Leading People with Wisdom through Conflict: Once we understand the nature of conflict and how our team members can deal with it, it is time to lead our team forward through the terrain of conflict in a way that results in flourishing for all. Before we can master conflict, we need to recognize that foundational to this is establishing trust. Trust among team members is necessary for the pursuit of flourishing through conflict. To cultivate trust, a leader must model humility and vulnerability - taking risks that empower and create a safe space for others to take risks and speak their mind. I highly value and recommend The Advantage team model to cultivate a forward path through conflict resulting in positive outcomes. The process is as follows: 1) Build Trust; 2) Master Conflict; 3) Achieve Commitment; 4) Embrace Accountability; 5) Focus on Results.
Another excellent resource for developing an approach to leading conflict in a growth-oriented manner is Conversational Intelligence (CI). According to Judith Glaser, the premise of CI is "to get to the next level of greatness depends on the quality of our culture, which depends on the quality of our relationships, which depends on the quality of conversations. Everything happens through conversations.” Constructing and orienting our conversations is essential to working through conflict successfully. Glaser identifies three levels of conversation:
1. Transactional: This is a tell/ask discussion about exchanging information. The intent is to inform. There is a place for this, but when it comes to working through conflict, it has minimal impact and influence. This kind of conversation is typically rooted in the success of the leader, where there is a low trust - which nurtures the resistor or skeptic among team members;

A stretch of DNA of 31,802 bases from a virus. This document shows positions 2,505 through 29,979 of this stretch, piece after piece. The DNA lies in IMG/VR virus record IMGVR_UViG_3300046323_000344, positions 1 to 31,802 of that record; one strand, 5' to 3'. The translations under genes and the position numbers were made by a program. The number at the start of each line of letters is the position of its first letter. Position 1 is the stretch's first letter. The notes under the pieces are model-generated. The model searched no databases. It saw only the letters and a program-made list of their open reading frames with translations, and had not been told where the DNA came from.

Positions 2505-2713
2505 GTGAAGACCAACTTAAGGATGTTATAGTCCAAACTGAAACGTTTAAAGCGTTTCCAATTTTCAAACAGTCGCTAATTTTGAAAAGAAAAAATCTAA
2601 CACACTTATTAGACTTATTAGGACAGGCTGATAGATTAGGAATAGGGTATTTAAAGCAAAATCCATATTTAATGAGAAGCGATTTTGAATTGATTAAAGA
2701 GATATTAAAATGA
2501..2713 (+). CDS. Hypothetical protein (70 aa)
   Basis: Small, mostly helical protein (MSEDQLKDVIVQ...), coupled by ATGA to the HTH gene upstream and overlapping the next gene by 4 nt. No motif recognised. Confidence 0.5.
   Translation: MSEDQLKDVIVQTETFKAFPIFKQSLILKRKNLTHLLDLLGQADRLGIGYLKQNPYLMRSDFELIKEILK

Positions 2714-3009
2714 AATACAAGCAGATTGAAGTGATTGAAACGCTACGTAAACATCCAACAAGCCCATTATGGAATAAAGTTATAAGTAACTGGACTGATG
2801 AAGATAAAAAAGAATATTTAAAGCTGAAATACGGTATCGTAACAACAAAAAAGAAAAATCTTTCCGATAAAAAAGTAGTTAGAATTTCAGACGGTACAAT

2. Positional: This is an advocate/inquire discussion about exchanging power. The goal is to persuade toward a win-win solution. There is a conditional trust where there is a blend between I- and We-centric dynamics among the team and leadership. The leader seeks input and feedback from the group, yet, the goal is usually to pivot the group toward what the leader perceives to be the best outcome through a form of negotiation and compromise;
3. Transformational: This is a share/discover conversation about exchanging energy. At this level, it is about co-creating a solution fueled by humility, high trust, and a desire to find a way through the conflict that changes team members and provides an outcome where the whole's input truly creates a greater result than the sum of all input.
The goal is to have transformative conversations and foster collaboration among team members. Here are some practical tips to consider as you navigate through conflict to champion healthy discussions:
- Have conversations that are inclusive, not exclusive (which create silos and territories among team members);
- Ensure that people are valued, appreciated, and celebrated for their contributions;
- Orient your conversations toward developing and challenging people to expand according to their passions, gifts, and personality (an upward regulation drawing out from your team versus and downward regulation pushing in through fear and control);
- Avoid conversations that create an environment of blame, competition, and a focus on deficiencies.
At Chemistry Staffing, we are all about seeing teams flourish through conflict. Conflict allows teams to join and partner, helping them overcome turf protection, groupthink, status quo, and fear. Please contact us if we can help your team journey through conflict in a healthy and honoring manner.
Resources to Check Out:
- Workplace Peace Institute
- Just Work - Addressing Issues of Bias, Prejudice, and Harassment in the Workplace